Matthew 21:1-11

It was Palm Sunday, some years ago and John Buchanan, longtime editor of The Christian Century and pastor of Chicago’s Fourth Presbyterian Church, was gathered outside at the start of the service for one of his favorite traditions of the year: the processional of palms led by the hopeful voices and pace of the children of the church. They raised their palms, filed into place, and practiced their lines. “Hosanna,” they said as he walked among them. “Hosanna in the highest.” Then Rev. Buchanan arrived at one little boy who was shouting out with exuberance and belief: “O, Hosanna… O don’t you cry for me, cause I come from Alabama with a banjo on my knee.” (1)

“Hosanna!” Well, do any of us really know what we’re saying? Literally, the word means, “save us.” So whether the crowds in Jerusalem, the pastel-clad children centuries later, or all of us today with palms in our grasp, when we shout “Hosanna,” we are asking to be saved.

I don’t know about you, but that’s a word that can be tricky for me – “saved.”

It was probably a decade ago that a friend and I decided to catch a showing of a summer blockbuster, settling in to the fairly crowded theater with snacks all set, stretched out in the comfortable chairs, just before the previews. Then a young guy seated a few seats down, about our age and seeming to be normal enough, slid down into the seat next to us. “Excuse me, fellas,” he said, “Don’t mean to bother you, but I was wondering, are y’all Christians? And if not, do you wanna get saved?”

I mean, come on! I’m just trying to watch a movie with a friend on a Friday night, which is what I was planning to explain once I finished chewing my popcorn, but then the previews started and I was in fact “saved” – spared from an awkward interaction with this moviegoing evangelist as he slid back to his seat with the promise to pray for us.

It’s happened to me at least a few times in my adult life – maybe to you, too. A zealous, passionate adherent of the faith will stop you, like once when I was walking on the beach in the middle of one church’s evangelism beach blitz, the sand littered with pamphlets describing the way to be saved. Or in the subway tunnels in New York or most any urban area, where there’s no shortage of crusaders wanting to tell you what your final stop will be. Or once in an airport – “Do you wanna get saved?” the person next to me asked, reminding me to always have headphones on me. I explained I was a minister and a seminary graduate, and then after a pause, “So, do you wanna get saved?”

“Get saved.” The construction just feels clumsy to me. Not sophisticated and polished like so often we aspire to be. Of course we believe in salvation. We proclaim it, and teach it to our children, and embody it in baptism, and seek to live it out in the world. We can read as well as any other Christian what Jesus says to Nicodemus: “…whosoever believes in him shall not perish, but have eternal life. For God did not send the son into the world to judge the world, but that the world might be saved through him.”

Still the word itself seems to have been interpreted and claimed by a certain segment of Christianity: those who understand salvation entirely as an eternal, heavenly reality, with no bearing on the here and now. Those with slick hair and still smoother methods that coercively scare the hell out of people. Or at least try to scare the people out of hell.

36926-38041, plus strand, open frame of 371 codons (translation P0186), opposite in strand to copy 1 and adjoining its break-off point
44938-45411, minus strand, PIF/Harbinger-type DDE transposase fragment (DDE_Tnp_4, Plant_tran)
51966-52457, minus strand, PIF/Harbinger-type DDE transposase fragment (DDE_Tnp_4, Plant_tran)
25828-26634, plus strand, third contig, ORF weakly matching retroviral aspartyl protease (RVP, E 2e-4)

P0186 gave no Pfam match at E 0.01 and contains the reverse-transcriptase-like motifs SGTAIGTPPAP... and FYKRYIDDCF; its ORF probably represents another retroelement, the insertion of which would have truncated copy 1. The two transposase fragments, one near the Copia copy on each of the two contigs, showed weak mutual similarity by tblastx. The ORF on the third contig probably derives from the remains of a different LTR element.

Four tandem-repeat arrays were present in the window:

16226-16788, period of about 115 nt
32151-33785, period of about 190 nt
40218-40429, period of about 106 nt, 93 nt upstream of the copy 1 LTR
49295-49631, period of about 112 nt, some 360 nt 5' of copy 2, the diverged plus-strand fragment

At least one of those two things happened to me after my freshman year of high school, as I ended up at a youth camp that was out to make sure everyone “got saved.” The message came from a slicked back, shiny, towering middle-aged man, whose face would grow more and more red behind his mustache as he preached, shouting statements like, “If you’re 99.9% sure that you’re saved then you’re 100% lost!”

Well, none of us wanted to be 100 percent lost! So we started to talk amongst ourselves in the bunks, at meals, and throughout the camp:

“Hey, are you going to get saved this week?”

“Well shoot, I thought I already was. I prayed with my parents. I was baptized as a child. But I guess I’m not… not like he’s talking about, anyway.”

By the final night of camp, most of us had heard enough to decide that we probably weren’t saved – not like he was talking about – and we raced down the aisles chasing that one hundred percent, foolproof certainty, while the camp organizers counted heads, to report how many kids “got saved.”

So you can understand that I’d be about ready to swear off the word altogether. I’d exchange it for some other word that captures the work of Christ: transformed, or redeemed, or renewed. Something other than “saved.” And then here it comes in today’s reading. “Hosanna” they cried. “Save us. Save us now.”

Upon further consideration, the word does seem to show up throughout the gospels – “saved.”

There was a woman with a hemorrhage who came up in the crowd and said as she pressed forward, “If I but touch the hem of his garment, I will be… ‘made well’” is the translation in most of our Bibles. But that’s not what she said. She said, “I will be saved!” from the Greek word “sozo.”

Because this is not merely a woman with a physical hemorrhage that needs to be cured. She’s isolated from her family. She’s on the outskirts of her community. She has no place to worship. Ostracized, marginalized, out among the cast of nobodies. Until she is saved. She wasn’t just made well. That woman was saved.

There was a man who lived among the tombs of Gerasa – a man possessed by demons, shackled, and kept under guard so he wouldn’t be a threat to anyone else. And then Jesus crosses into his territory and into his life, and he cried out for the demons to leave this man. And the people who saw it talked about how this demon possessed man had been… “healed” our translations say. But that’s not the word. The word is “saved.”

He was on the margins of it all, chained up and living amidst tombs, until Jesus proclaims his release and lets him return to his home. Was he healed? Or was he saved?

There was a blind beggar near Jericho – Bartimeus was his name – and he was sitting where he always sat, just before the events described in our passage today, as the parade came by going up to Jerusalem. The story contrasts this throng of disciples, happy and shouting, and preparing to wave their palms, breezing by this man whose eyes are fastened together as he depends on the pity of others.

“Jesus, have mercy on me,” he says.

He was hushed as usual, “Quiet, old man. No one wants to hear from a blind beggar.”

But then Jesus said, “What do you want?” And the man said, “Let me see.”

To which Jesus replies, “Your faith has… ‘made you well.’” Except that’s not what he said.

Here is a man in rags, castoff, and collecting dust on the roadside and in a few moments he is in the parade marching up to Jerusalem with shouts of “Hosanna.”

“Your faith has made you well”? It seems to me like that man was saved.

There was a tax collector – a rich man, Zaccheus. He climbed a tree and Jesus said, “Come down. I’m coming to lunch.” Everybody complained at Jesus talking to a sinner at whom they wanted to sneer. We don’t know what was said at the table, but when the meal was over the man emerged to say, “I’m giving half of all I have to the poor. And if I’ve ever defrauded anyone I will restore it 400 percent.” You know what Jesus says. “Salvation has come to this house.” Or in other words, “This man has been saved.”